Nathan has owned two parcels of land for many years. Nathan’s home is on parcel B and the only access to it from the street is by a driveway that travels over and through parcel A. Nathan decides to sell parcel B to Casey, but neither party addresses the issue of access when drawing up the contract for the sale of the property. When Casey shows up on move-in day, Nathan prevents Casey from driving his U-Haul down the driveway through parcel A. Nathan says, “This here’s private property, so find another way home, ya bum.” Since Casey doesn’t have any other option for accessing his newly purchased parcel, and Nathan formerly used the driveway to access parcel B when he owned it, Casey is likely entitled to an implied easement to use Nathan’s driveway on parcel A.
The last category is referred to as a prescriptive easement. A prescriptive easement is established by the a) continuous, 2) open and notorious, 3) adverse use of another individual or entity’s land for a period of at least ten (10) years. In this context, the easement holder essentially uses the property of another without permission for an extended period of time and eventually gains rights and privileges associated with that land.
Perhaps unsurprisingly, the rights, privileges, and issues related to prescriptive easements are generally resolved by a court rather than the parties themselves. As is fairly obvious, the existence and nature of a prescriptive easement is inherently contentious. While I wouldn’t encourage individuals to access and use the land of others in the hopes of garnering a prescriptive easement, I would recommend that property owners keep a diligent eye out for squatters and trespassers, especially with respect to larger rural properties that are harder to monitor. The last thing any property owner wants is to lose rights over a portion of his or her land to an unwelcome, long-term guest.
Returning now to Bernard’s situation, let’s think about how these principles may apply. In terms of the legal consideration, the best option for definitively handling that unaccounted for area between he and his neighbors’ property lines would be to seek an express easement from his neighbors. Having an express easement would not only eliminate that no-man’s land by allowing him to connect his fence to the neighbors’ fence, but it would also preserve the neighbors’ property rights with respect to that area. Moreover, as long as the easement was limited in duration to their respective periods of ownership, any potential for a cloud on the title of either property could be avoided. This last point highlights the fact that an easement can save a lot of money and headache in the long term.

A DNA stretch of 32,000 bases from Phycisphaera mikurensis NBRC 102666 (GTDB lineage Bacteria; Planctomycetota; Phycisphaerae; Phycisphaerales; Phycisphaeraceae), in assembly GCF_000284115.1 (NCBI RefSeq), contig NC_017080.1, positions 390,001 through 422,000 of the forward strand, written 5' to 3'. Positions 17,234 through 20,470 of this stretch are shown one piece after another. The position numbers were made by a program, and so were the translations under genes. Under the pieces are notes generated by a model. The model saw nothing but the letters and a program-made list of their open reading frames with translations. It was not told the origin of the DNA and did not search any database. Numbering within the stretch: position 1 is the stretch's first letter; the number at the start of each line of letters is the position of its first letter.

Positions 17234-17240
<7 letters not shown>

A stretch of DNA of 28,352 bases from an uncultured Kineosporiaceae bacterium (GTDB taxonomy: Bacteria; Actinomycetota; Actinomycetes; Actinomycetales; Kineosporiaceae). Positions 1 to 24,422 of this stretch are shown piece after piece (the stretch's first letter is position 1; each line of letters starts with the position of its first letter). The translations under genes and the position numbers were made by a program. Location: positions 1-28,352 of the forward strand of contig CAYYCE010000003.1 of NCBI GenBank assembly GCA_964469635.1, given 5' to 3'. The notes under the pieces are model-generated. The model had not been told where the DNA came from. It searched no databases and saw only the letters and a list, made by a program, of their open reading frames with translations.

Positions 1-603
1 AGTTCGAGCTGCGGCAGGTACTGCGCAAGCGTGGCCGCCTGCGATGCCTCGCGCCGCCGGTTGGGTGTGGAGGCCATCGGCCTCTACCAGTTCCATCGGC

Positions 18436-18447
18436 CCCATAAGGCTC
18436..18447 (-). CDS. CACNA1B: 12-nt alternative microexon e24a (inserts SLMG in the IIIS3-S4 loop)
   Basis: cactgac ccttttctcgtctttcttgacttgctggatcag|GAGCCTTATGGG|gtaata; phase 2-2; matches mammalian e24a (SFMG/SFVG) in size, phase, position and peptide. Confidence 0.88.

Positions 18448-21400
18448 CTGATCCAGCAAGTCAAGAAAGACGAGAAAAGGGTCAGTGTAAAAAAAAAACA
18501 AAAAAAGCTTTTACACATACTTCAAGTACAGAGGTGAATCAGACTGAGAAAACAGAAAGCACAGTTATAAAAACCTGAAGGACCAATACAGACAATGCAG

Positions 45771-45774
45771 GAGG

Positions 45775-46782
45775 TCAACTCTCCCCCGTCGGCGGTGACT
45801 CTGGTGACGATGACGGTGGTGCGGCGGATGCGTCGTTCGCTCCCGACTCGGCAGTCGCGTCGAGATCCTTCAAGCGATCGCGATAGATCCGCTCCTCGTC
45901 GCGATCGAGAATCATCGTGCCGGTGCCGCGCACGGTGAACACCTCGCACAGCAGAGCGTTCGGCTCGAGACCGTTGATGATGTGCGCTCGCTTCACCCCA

That’s the legal consideration, however. There’s also the practical consideration—cost. When it’s all said and done, establishing an easement can really rack up a bill for the dominant tenement (remember, that’s the party being granted the rights and privileges). Expenses can include payment to the servient tenement, surveyors, attorneys, and recording fees. Consequently, a party seeking access and use should really conduct a cost-benefit analysis of getting an easement before diving in head first.
When it comes to owners of large plots of land and acreage, the cost of an easement is minor in the grand scheme of things. It’s much more important in those situations to have the legal rights of adjacent landowners clearly defined and understood, as the alternative can end up costing both parties a lot more.
For Bernard—the new owner of nice suburban home—the aesthetic blemish of a four foot gap of unfenced no-man’s land wasn’t worth the overall cost of the easement. I was relieved to hear he decided to stick to his property line, as the potential problems and issues associated with attaching the fences were too great.
Bottom line, it’s crucial that property owners don’t deal with their property lines casually. Whether it’s building a fence, planting a row of hedges, or installing an irrigation line, property owners should proceed carefully. When property owners make these types of decisions without the proper legal understanding and organization, they can end up inadvertently decreasing property values as well as potentially leaving themselves susceptible to liability.
Property lines are finicky creatures. Don’t get tangled in the hedge rows. Let a qualified attorney help you navigate your property issues with precision and care. Our highly trained and experienced real estate attorneys at Hopkins & Huebner, P.C. are here to guide you through any real estate issues you may experience.